The individual should avoid forming sexual relationships with the targeted members of the group (Diller, 2015). The values, opinions, and stereotypes held by the facilitator should not be imposed upon the members of the group (National Organization for Human Services, 2015). It is appropriate to focus on the safety and security concerns of the clients. If there is technology to be used, the facilitator should promote the highest level of confidentiality.
The targeted individuals will also be from different racial backgrounds. The facilitator should first analyze the pertinent cultural issues that might affect the process. For instance, some words might not be embraced by specific racial groups. Any form of discrimination or abuse should also be identified and addressed before initiating the process. Gender relationships, family hierarchies, dietary and food practices, and notions about sexuality should be considered by the human service professional (Diller, 2015). When such cultural issues are clearly addressed, the professional will be able to implement a powerful strategy to help the clients.
Guidelines for Social Justice and Multicultural Competence
Human service professionals and social workers can use various guidelines for multicultural and social justice in order to deliver adequate support to their clients. The first guideline revolves around the issue of commitment to cultural knowledge and self-awareness. This domain makes it easier for professionals to identify their biases and values. The next step is to understand the unique values and beliefs embraced by the targeted members of the group (National Organization for Human Services, 2015).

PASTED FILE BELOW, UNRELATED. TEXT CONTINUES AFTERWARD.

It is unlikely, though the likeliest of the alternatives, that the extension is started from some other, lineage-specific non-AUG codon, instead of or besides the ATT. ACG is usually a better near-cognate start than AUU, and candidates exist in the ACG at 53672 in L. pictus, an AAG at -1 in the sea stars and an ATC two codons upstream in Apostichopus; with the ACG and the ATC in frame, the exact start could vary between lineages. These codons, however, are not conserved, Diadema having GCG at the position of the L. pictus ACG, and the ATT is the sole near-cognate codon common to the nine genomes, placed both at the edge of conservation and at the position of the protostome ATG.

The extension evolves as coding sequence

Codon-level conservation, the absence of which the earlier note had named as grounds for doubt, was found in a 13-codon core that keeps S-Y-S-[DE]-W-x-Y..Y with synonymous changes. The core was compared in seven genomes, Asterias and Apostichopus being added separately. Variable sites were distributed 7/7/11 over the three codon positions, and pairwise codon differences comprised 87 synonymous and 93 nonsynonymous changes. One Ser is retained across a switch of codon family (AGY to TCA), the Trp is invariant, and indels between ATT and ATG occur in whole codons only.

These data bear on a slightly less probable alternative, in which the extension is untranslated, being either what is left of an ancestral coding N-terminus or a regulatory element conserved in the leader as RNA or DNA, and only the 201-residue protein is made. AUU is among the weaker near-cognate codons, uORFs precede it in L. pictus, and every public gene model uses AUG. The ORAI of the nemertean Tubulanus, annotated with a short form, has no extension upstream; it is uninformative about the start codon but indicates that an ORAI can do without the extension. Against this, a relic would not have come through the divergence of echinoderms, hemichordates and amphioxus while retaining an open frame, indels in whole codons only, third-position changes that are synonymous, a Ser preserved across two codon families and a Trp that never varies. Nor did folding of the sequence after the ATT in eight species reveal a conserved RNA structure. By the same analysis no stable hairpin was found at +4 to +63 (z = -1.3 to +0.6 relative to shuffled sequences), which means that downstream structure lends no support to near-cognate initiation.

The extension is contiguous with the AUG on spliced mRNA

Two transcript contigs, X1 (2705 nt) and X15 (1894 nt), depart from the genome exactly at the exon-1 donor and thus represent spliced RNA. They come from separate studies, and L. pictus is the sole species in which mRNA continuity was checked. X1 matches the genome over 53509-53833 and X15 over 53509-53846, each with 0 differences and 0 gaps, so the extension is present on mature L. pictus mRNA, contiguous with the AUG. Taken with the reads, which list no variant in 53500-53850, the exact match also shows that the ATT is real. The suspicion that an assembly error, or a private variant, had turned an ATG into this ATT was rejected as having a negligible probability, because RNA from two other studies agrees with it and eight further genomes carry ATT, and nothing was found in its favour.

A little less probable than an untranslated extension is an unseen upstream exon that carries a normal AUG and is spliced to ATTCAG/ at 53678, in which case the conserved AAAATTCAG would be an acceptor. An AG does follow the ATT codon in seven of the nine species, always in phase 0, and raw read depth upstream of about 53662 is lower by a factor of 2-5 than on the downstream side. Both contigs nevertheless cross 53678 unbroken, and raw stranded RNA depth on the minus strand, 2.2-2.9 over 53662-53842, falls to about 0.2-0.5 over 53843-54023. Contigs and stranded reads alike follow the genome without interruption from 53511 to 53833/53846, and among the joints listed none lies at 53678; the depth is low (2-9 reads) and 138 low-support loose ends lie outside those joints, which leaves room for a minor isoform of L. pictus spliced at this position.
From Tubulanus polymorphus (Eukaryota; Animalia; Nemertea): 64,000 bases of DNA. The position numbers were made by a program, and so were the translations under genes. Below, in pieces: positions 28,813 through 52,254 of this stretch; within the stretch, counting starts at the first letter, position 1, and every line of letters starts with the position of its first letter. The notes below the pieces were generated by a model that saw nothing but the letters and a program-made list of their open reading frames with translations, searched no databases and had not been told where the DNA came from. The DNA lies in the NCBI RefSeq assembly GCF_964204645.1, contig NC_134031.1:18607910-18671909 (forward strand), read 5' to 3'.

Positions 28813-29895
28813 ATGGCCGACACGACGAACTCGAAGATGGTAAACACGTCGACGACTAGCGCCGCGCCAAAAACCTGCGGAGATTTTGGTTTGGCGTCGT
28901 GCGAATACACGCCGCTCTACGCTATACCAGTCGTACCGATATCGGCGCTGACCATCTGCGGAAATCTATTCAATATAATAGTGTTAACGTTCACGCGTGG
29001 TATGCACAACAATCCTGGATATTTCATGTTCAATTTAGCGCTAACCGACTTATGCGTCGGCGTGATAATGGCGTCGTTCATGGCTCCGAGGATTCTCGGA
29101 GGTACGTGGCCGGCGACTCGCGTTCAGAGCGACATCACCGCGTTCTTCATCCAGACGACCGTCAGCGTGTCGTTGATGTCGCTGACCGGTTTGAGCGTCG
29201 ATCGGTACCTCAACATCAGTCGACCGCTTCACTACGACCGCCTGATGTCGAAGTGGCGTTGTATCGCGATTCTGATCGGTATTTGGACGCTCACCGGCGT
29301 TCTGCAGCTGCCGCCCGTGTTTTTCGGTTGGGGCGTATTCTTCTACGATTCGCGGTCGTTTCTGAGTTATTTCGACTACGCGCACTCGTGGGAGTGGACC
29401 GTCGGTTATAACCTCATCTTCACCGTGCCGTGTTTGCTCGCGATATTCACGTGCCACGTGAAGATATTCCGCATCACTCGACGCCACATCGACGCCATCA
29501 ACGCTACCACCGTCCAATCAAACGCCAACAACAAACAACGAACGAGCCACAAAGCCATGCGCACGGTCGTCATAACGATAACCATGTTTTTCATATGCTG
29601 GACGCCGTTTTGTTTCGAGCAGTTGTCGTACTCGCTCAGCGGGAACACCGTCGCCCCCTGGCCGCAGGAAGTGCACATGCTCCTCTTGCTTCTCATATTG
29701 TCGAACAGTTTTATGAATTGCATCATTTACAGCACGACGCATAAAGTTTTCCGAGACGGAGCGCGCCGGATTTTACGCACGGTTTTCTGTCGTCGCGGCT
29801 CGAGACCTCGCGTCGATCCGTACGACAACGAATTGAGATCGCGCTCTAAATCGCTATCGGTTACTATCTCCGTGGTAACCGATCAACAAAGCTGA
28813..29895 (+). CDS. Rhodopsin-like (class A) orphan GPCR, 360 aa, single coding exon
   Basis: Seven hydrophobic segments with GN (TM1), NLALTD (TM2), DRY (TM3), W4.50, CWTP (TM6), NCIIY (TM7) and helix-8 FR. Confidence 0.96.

The counselor goes further to set specific expectations in order to meet the needs of the clients. Emerging issues are addressed using the socioecological model. The model is used to provide interventions that focus on the issues affecting the clients.
The second guideline embraced by many professionals is organizational change and policy development (Ratts, Singh, Butler, Nassar-McMillan, & McCullough, 2016). This model guides professionals to analyze the beliefs and attitudes of the targeted clients and promote new behavioral changes. The approach will ensure “the multicultural and social justice competent counselor promotes effective cross-cultural communication” (Ratts et al., 2016, p. 2). The established relationship should go beyond the views of the group members. The next action is to focus on the social identities, biases, and privileges that should be considered throughout the process.